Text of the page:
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Tom Ford Final Women’s Collection Releases

It's the end of the runway for the designer, who sold his brand for $2.8 billion in November.


It’s the end of the runway for Tom Ford.


The designer just dropped his final fall women’s ready-to-wear collection on his website, which consists of reproductions of his favorite looks from the past 13 years shown in three Tom Ford Archive videos shot by Steven Klein.


Like the film director he has become, Ford orchestrated his exit in cinematic style. With his models in glass vitrines, he stands in front like a conductor, animating them as if they were mannequins coming to life in a museum display. (Coming out just days before the Costume Institute’s Met Gala, it begs the question: after this year’s tribute to Karl Lagerfeld, could Ford be next?)



Amber Valletta, Joan Smalls, Karlie Kloss, Karen Elson and Caroline Trentini strut and strike poses for the maestro, crescendoing to an operatic finish. A black-veiled Kloss clutches her head and Valletta wails — in mourning and poking fun at the designer’s departure. He walks off set in his perfect suit, his brogues clip-clopping.


Ford was never quite able to bring the same fashion magic to his eponymous women’s collection that he did to his menswear, or to Gucci and Yves Saint Laurent during his tenures there in the ‘90s and early 2000s.


But he was able to use the Tom Ford runways to expand his cult of personality and his celebrity fan club, which was unrivaled until the European conglomerates began turning their fortunes on Hollywood. That was its own magic, stoking the success of Ford’s beauty brand, and driving the value of his company so high, he was able to sell to the Estée Lauder Cos. for $2.8 billion in November.


A still from the Tom Ford Archival collection videos, featuring recreations of the designers favorite archival looks throughout the years and shot by Steven Klein. STEVEN KLEIN/COURTESY OF TOM FORD


Seizing the power of stardom from the start, when he first launched his womenswear in 2010 during an intimate show at his Madison Avenue boutique during New York Fashion Week, he tapped Beyoncé, Julianne Moore (who costarred in his 2009 directorial film debut “A Single Man”) and Rita Wilson to walk the runway, among others.


And it’s those famous women who spring to mind when watching his final ready-to-wear videos.

It may be the models on the screen, but it’s the famous figures who wore the clothes in real life that are seared in the memory.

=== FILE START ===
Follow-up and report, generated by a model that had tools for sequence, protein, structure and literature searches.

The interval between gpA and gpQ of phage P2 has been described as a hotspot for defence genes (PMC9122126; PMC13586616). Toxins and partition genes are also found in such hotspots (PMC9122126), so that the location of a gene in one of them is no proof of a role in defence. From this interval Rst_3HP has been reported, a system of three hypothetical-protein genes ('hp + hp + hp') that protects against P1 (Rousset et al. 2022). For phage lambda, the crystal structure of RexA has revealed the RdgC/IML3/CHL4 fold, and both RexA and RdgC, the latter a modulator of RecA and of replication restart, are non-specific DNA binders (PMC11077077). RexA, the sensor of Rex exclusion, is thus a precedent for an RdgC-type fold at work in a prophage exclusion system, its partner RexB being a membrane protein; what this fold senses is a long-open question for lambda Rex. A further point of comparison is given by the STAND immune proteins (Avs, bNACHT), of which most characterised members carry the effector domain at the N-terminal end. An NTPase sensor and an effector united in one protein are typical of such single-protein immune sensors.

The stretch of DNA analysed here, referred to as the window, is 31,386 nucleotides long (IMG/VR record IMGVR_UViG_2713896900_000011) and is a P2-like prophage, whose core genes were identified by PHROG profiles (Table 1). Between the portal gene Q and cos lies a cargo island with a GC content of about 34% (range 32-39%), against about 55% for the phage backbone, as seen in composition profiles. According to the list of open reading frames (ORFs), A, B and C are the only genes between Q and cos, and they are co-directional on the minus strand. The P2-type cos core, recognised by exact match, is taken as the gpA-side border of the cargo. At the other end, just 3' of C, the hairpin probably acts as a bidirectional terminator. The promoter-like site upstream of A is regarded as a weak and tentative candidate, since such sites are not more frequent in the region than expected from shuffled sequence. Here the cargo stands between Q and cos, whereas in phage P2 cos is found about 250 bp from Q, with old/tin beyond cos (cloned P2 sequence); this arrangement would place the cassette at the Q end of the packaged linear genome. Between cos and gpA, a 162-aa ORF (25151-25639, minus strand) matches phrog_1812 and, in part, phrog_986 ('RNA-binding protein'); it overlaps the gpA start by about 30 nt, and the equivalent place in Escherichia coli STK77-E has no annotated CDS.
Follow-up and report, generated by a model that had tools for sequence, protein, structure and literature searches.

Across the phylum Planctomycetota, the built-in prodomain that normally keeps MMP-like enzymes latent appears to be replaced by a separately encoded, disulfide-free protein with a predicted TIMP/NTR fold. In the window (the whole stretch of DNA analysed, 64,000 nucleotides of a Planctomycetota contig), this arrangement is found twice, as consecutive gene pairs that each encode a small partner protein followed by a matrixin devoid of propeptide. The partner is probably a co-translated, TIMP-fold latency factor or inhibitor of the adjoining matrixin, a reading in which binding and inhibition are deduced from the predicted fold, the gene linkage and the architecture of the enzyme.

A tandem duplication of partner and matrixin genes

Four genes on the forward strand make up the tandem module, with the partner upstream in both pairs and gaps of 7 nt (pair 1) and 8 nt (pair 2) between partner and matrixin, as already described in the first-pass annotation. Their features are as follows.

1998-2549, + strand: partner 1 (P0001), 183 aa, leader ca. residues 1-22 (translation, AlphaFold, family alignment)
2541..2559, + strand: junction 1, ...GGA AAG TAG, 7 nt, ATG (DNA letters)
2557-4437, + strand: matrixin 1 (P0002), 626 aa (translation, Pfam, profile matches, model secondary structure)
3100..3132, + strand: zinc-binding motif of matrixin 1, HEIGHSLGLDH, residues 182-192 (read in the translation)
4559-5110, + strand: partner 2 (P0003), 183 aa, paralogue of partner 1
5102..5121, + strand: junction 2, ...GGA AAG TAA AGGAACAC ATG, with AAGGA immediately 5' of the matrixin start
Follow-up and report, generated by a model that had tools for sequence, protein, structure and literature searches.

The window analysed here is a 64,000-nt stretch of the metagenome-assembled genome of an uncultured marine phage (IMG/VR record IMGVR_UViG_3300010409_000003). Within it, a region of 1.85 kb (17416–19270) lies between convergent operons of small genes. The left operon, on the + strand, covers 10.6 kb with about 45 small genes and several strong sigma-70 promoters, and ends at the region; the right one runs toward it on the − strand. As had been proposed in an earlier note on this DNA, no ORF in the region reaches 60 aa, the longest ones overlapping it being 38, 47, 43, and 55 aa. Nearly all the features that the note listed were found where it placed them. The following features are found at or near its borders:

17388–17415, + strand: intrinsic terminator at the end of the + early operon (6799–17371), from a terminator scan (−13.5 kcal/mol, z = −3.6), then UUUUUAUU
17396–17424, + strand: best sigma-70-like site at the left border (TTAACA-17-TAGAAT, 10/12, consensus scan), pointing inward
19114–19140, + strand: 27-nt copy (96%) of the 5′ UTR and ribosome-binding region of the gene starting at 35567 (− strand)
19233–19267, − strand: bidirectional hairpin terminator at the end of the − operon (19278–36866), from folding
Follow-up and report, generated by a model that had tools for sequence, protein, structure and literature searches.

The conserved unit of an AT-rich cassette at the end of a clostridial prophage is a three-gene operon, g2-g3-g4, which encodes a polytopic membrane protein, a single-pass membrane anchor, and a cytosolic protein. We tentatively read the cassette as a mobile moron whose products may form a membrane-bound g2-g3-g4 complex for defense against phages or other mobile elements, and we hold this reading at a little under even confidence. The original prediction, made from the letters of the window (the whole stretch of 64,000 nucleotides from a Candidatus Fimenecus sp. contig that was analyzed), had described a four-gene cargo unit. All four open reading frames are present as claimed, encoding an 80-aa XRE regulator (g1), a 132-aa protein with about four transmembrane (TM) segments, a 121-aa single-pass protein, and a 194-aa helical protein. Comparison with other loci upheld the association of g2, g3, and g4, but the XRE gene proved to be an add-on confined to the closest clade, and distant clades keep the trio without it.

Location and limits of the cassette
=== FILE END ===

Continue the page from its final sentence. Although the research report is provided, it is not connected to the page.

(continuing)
There’s the white cape gown Gwyneth Paltrow wore to the 2012 Oscars, the 2014 sequin athletic jersey minidress inspired by Jay Z’s love of Ford, and subsequently rocked by Beyoncé on stage during the Mrs. Carter World Tour, and the fuchsia-chromed breastplate and evening skirt debuted by a “Euphoria” ascendent Zendaya at the 2020 Critics Choice Awards.


There’s also the cobalt blue fringe dress Elson wore at Ford’s first show, a denim jacket and skirt with animal print paneling, and a sequin gown with a swirling, ’70s-inspired modernist motif, both looks timeless and very L.A.


Always chasing the zeitgeist, and aiming to innovate in the show space, over the years Ford flirted with the see now, buy now model. He bypassed the runway altogether one season, presenting his collection via a music video starring Lady Gaga, and eventized his runway another, enlisting a Golden Globes cameraman to film his star-studded red carpet, dinner, runway show and Leon Bridges performance, so fans livestreaming the presentation on his website had a fantastic view.


He brought his runway west two times, including somewhat controversially, pre-Oscars and just after his taking on the role of chairman of the Council of Fashion Designers of America.


Appearing in commercials as a child, Ford always had an affinity for L.A. and maintained a second home in Beverly Hills when he worked in Europe. After his careers at Gucci and Yves Saint Laurent, he initially said he was quitting the fashion industry altogether, heading for Hollywood in 2004. Intent on a directing career, he opened Fade to Black Productions in the former Geffen Records building, settling into the Hollywood lifestyle.


Amber Valetta, Karen Elson, Karlie Kloss, Jane Smalls and more in Tom Ford archival looks, shot by Steven Klein.

STEVEN KLEIN/COURTESY OF TOM FORD


He came back with beauty and eyewear in 2005, following with men’s and women’s soon after. After being based in London for 18 years, Ford officially moved back to America in 2017, taking up residence in L.A., buying Betsy Bloomingdale’s estate, and adding to the fashion cachet of the city that’s still burnishing today.


Some wondered if he would help swing American fashion’s power center to L.A. But since his windfall, Ford, 61, has bought a $51 million waterfront Palm Beach property in tax-friendly Florida. What’s next for him — and for his namesake label — remains to be seen. The collections are now licensed by Lauder to Zegna Group, which has long produced the menswear and now has the women’s collection too. No details have been given about its plans or when a successor will be named at the brand.


What to remember about Ford’s legacy as a solo starring act?


While he may not have created runway trends like he did at Gucci and Saint Laurent, or found widespread commercial success with his womenswear, he created pop culture moments. And what is fashion now but that?





https://wwd.com/runway/fall-2023/new-york/tom-ford/review/




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